newmagrathea

Sr Member
Hey everyone, it's been a super long time since I've started a thread, and I don't think I've ever had a thread on this part of the RPF. I'm usually on the Star Wars side of things. Anyways I picked up this casting of the Loki mask from the movie The Mask a couple years ago. The story, if I remember it correctly, is that the seller acquired the molds that the screen used masks were pulled from and was selling casting that were painted up. I messaged him and asked if he'd be willing to sell an unpainted casting because I like a project and rarely buy completed props, and he said he would. He mentioned that this was going to be one of the last pulls from the mold because it was very tired and worn out. The casting I received was pretty rough, tons of air bubbles an the end of the nose was basically missing due to a large trapped air bubble. But no big deal it could all be fixed.

Finally I got a little time to work on it and started the process of fixing the casting and painting. I made some videos on the build.

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I started off fixing the nose, I had mixed up some two part epoxy for something else and had plenty left over. So I wrapped the end of the nose with some tape to make a barrier wall and put it in there. Later this will cause an issue, but it was the catalyst to me starting this project. I didn't capture that on video unfortunately, it was just a quick thing I did with some left overs.
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It was about three months later that I really started this project fully. I tried using Bondo glazing putty to fill some of the holes but that didn't go the way I wanted, not bad, but not good either. The next thing I tried was Tamiya white putty, just smearing it on, scraping out the crevices and rubbing some steel wool to knock down the rough bits left from scraping. The Tamiya is how I did most of the front of the mask holes, it was a pretty tedious task.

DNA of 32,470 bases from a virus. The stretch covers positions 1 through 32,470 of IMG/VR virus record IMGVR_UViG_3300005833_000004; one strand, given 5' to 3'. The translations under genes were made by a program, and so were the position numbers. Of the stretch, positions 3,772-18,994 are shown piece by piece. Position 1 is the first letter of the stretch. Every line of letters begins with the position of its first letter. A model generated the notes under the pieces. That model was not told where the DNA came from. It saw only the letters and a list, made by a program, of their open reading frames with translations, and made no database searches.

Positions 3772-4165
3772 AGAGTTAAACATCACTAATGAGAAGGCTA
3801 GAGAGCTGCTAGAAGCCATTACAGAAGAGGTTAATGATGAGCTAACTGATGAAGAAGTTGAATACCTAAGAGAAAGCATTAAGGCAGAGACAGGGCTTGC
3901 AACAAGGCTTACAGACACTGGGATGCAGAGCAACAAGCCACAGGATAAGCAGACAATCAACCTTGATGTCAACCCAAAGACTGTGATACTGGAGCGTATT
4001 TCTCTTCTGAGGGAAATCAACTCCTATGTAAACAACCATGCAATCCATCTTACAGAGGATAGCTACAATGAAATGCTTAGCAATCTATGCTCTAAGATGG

I discovered that the spot on the nose that I had filled with the two part epoxy was rubbery after I had primered the front of the mask. If I touched the nose it was soft, which would make the primer crack and flake off. Can't have that, so I scraped out as much as could and redid the end of the nose with some Aves Apoxie sculpt (I love this stuff). And started using the Apoxie sculpt to fill in all the large holes on the back of the mask. Finished up the back of the mask with the Tamiya putty and laid down another coat of primer.

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Now it's time to paint. I tackled the wood part first, I figured it would be the most difficult since it's the most organic in shape and color. Since a couple screen used masks have been up for auction recently I had some pretty good reference photos. I started off thinking I would try to dry brush the colors on, but quickly discovered that airbrushing was the way to go.

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And for the finale, I paint up the nose bridge. My reference photos showed a bit of texture that was no present in the casting and I wanted to add it. I used a mixture of paint and fine saw dust dabbed on to the surface. I worked pretty well, but I think if I was going to do it again I would try sponging on some Tamiya putty. Getting the colors just right went pretty well until I did the green, which I over did. But I was able to correct it and get the effect I wanted. I had to wait forever for the semi gloss clear I ordered and had to stop working on the mask. I went on vacation and came back and it still hadn't arrive.

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Cool. That turned out amazing. To go from what the casting looked like originally to what you ended up with... it's like it's not even the same mask. You did great work to fix that piece. I believe the propmaker making those castings is a member here.

I have wanted to try out the Bondo glazing putty, but then I saw the following video where this prop maker was using some Elmer's wood filler that according to her was much better to remove seams and fill holes. So may check that out in the future.

 

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